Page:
GLEASON 'Lt. FIRST NAT ·
FIRST NAT. BANK. OF LAPEER.
(Circuit Oourt, E. D. Michigan.
October 16, 1882.)
In an action for moner had and received" the defendant may avail himself of any defense showing that, equitably, he is entitled to retain the money all against the plaintiff.
INsuRANCE-POLIOY PAYABLE TO OREDlTOR-PURCllA.8E AT EXEcunoN BALB.
Where the owner of property caused it to be insured, and made the poliCies payable to a creditor, who subsequently brought suit against the owner for debt secured by the policies, obtained judgment, levied an execution. upon the property insured, and bought it in upon the sheriff's sale, and shortly after the sale, the property was burned, and the creditor received the proceeds of· the insurance, it was held that, while the purchas!'of the property was technically an extinguishment of the debt secured by the policies, yet that the creditor was equitably entitled to retain the 'proceeds of the insurance, but must credit the same upon the amount of his bid, in case the debtor saw ofit to redeem.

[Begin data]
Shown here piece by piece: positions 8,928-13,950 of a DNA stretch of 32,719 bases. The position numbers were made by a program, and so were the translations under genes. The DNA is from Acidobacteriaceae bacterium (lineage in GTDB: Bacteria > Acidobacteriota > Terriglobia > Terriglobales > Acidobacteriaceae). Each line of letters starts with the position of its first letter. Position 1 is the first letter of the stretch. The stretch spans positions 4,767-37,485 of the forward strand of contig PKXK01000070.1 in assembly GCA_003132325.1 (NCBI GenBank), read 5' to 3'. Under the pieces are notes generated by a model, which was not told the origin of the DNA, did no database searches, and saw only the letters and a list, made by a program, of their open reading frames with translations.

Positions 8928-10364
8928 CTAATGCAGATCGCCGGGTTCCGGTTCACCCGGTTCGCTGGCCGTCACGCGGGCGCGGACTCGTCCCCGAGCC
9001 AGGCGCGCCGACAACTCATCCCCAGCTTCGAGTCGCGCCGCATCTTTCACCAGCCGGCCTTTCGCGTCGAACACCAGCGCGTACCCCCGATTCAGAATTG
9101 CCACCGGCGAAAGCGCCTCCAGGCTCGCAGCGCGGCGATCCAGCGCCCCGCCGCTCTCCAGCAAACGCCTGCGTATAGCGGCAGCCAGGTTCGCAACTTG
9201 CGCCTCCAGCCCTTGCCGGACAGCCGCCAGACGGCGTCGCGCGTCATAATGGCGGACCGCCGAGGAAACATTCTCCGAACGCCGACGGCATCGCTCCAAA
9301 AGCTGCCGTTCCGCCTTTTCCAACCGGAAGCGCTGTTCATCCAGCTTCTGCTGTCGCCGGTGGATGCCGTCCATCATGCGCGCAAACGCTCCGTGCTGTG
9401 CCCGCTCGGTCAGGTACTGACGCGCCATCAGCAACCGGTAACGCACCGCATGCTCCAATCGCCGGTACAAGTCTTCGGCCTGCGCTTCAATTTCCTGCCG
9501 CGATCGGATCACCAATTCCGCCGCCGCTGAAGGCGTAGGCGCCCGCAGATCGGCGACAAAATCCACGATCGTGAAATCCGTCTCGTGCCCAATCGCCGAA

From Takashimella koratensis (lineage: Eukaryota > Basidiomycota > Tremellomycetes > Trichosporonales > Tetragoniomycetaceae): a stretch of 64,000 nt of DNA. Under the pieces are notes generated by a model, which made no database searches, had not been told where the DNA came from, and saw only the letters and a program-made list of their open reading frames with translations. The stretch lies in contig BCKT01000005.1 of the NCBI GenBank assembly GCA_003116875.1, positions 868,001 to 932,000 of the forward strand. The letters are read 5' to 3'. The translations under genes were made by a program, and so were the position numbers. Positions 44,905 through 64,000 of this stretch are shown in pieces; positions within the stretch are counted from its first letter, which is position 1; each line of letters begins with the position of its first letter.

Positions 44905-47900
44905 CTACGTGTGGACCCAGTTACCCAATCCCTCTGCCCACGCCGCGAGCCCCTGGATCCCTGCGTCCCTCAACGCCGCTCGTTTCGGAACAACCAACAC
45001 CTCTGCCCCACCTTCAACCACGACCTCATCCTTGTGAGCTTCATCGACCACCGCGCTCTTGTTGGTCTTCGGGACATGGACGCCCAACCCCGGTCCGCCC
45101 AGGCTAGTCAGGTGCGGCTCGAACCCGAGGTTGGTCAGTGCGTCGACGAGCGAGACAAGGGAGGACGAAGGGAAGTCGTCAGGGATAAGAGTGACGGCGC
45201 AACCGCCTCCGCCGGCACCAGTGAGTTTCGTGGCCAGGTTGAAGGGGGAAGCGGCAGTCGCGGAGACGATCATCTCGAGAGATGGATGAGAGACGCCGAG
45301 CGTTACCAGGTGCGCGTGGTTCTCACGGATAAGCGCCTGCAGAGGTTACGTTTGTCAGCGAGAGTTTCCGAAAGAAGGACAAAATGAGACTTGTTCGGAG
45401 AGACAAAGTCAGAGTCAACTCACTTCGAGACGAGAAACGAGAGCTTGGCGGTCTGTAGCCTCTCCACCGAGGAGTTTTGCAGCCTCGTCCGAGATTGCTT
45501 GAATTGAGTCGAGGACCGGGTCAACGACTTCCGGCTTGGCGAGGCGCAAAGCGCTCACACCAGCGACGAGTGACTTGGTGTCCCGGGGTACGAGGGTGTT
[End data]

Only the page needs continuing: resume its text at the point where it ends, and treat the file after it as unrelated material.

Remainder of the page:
On motion for aNew Trial. This was an action for money had and received. The fa.cts were that one Alexander Mair, the plaintiff's assignor, had borrowed ,money olthe bank to the amount of $5,000, and had given his note therefor, secured by five policies of insurance upon certain mill property, to the amount of such note. Subsequently he became further indebted to the bank, a suit was begun for the entire indebtedness, judgment on cogJwvit obtained, and execution issued On the Same day. The execution was in due time returned satisfied by a sale of .all of Mair's property, including the mill. upon which the aforesaid policies of insurance had been underwritten,the bank being the purAbout two months after the sale upon execution, tb,e mill burned, and th,e bank collected. the money upon these policies of insurance, which had been fnade payable to the bartle. This suit.was brought by the assignee of Mair to recover the amount collected by the bank. Upon this state of facts the court charged that, while technically the purchase of the mill property by the bank for the full amount of the judgment was anextingllishment of the debt for which the policies were given, yet that eqllitablythe bank was entitled to the money representing the value of its mill, ano. directed a verdict for the defendant. C. D. Joslin, for plaintiff. Mr. Williams; for defendant. BROWN,D. J., 'J;"he action for 'money had and received is an equitable action, and, as Mr. Greenleaf says, (vol. 2, § 117,) "may ill